Letting agents at Angle340 are DTRE, CBRE and Strutt & Parker while letting agents at Angle265 are DTRE, CBRE and Moriarty & Co.
It is not just developers looking to speculatively develop, funds are also in on the act indeed Legal & General’s Industrial Property Investment Fund has started speculative construction of Alchemi a 195,000 sq ft warehouse in Crick, Northamptonshire, with completion anticipated this autumn. The site lies adjacent to junction 18 of the M1 motorway.
The development is one of four that Legal & General is currently developing totalling some 600,000 sq ft of industrial space.
While speculative space is being developed the consensus of opinion is that it is just not enough to satisfy demand. Lambert Smith Hampton latest Industrial & Logistics report notes: “Despite the turnarounds [in speculative development]Grade A supply has only been restored to its 2013 level, and is less than half its peak in 2009. It also does little to address the overall pressure on supply with UK availability is still falling.”
According to Gerald Eve the crucial element to understand when building speculatively is the expected period of void following development completion.
“Our analysis of the length of time from completion of speculatively-built units to the first recorded letting during the last development boom of 2005 – 2009 and the current phase of development highlights the very different market conditions in each period.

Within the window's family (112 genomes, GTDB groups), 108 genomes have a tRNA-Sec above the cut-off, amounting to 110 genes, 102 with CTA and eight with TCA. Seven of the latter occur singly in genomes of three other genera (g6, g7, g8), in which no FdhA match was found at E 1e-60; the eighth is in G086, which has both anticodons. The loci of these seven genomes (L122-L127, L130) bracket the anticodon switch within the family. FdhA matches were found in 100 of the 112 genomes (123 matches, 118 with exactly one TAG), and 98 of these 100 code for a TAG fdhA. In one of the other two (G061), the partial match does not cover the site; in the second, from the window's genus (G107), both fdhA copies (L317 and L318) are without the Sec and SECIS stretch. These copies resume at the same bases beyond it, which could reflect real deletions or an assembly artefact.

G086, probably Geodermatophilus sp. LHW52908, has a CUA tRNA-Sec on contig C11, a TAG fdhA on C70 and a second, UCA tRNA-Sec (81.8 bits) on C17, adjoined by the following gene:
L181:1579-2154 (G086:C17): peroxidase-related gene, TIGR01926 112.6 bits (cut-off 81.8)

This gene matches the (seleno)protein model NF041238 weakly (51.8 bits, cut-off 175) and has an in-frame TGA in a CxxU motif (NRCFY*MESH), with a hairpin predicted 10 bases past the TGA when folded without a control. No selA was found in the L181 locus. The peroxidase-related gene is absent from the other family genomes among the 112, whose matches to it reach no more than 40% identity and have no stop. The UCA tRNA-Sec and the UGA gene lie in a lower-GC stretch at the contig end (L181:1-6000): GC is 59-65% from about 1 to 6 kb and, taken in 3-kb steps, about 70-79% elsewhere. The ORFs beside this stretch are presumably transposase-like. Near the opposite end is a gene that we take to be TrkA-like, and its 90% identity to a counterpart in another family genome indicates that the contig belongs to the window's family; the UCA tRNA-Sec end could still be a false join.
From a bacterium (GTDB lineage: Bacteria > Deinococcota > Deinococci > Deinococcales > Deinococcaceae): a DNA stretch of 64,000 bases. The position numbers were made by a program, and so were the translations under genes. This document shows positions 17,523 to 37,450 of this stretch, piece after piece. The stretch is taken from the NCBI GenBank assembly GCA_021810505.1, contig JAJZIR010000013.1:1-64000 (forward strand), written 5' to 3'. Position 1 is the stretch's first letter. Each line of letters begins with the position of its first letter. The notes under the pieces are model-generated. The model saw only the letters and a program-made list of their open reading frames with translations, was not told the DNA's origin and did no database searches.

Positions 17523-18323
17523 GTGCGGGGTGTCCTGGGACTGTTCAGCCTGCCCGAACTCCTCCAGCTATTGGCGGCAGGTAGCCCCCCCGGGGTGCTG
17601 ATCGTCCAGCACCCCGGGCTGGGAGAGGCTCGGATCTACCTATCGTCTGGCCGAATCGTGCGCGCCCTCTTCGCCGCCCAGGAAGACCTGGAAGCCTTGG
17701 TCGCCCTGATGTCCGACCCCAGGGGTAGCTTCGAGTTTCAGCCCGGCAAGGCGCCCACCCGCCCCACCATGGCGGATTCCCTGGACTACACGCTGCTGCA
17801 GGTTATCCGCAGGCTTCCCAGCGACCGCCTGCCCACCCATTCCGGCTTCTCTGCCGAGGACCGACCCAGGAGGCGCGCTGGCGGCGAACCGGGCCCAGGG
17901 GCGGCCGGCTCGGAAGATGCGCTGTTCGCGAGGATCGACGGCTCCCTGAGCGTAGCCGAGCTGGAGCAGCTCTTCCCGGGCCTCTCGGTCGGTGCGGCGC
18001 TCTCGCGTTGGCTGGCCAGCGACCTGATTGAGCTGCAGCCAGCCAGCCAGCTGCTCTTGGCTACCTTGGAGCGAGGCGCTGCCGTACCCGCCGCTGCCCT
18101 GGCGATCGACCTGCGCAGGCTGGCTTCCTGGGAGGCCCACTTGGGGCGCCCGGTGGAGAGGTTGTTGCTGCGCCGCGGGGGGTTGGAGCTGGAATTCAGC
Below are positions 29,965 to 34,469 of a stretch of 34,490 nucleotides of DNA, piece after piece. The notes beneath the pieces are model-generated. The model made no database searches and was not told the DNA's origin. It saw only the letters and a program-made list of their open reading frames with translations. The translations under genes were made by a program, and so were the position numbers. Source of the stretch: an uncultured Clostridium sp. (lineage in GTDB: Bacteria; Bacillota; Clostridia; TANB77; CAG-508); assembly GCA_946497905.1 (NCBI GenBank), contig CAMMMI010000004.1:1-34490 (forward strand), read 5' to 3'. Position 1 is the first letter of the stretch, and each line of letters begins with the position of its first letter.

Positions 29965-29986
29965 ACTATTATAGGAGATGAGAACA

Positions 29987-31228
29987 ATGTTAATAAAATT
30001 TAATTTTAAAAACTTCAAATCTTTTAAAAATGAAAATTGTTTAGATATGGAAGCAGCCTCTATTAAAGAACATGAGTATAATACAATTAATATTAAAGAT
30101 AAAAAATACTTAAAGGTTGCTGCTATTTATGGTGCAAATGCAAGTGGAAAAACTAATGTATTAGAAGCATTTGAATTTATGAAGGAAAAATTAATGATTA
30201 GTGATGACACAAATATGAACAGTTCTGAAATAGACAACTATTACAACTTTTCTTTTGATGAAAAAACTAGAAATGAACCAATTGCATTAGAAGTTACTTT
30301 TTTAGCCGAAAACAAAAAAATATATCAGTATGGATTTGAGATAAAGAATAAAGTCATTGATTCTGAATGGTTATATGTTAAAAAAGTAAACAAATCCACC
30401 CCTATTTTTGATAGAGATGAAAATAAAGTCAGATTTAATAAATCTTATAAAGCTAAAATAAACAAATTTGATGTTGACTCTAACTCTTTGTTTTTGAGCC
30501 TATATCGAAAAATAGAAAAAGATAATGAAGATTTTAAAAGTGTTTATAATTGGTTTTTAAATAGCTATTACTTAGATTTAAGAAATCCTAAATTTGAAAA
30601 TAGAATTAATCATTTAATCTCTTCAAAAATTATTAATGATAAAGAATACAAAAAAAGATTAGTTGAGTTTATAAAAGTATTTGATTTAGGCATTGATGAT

“Of the 2005 – 2009 generation of speculatively built space, the period form completion to letting was 29 months across all size bands and regions. This falls to 22 months for units of 50,000 – 100,000 sq ft but is till almost two years void.
“Of the 2014 – 2015 speculative development, the average period from completion to letting was just over one month, falling to less than half a month among the smallest units of 50,000 – 100,000 sq ft.”
While this should spur developers and funds alike to speculatively develop, there is still an air of caution with developers seeking speculative development in prime locations almost exclusively. However there is an element of jockeying with developers actively seeking land.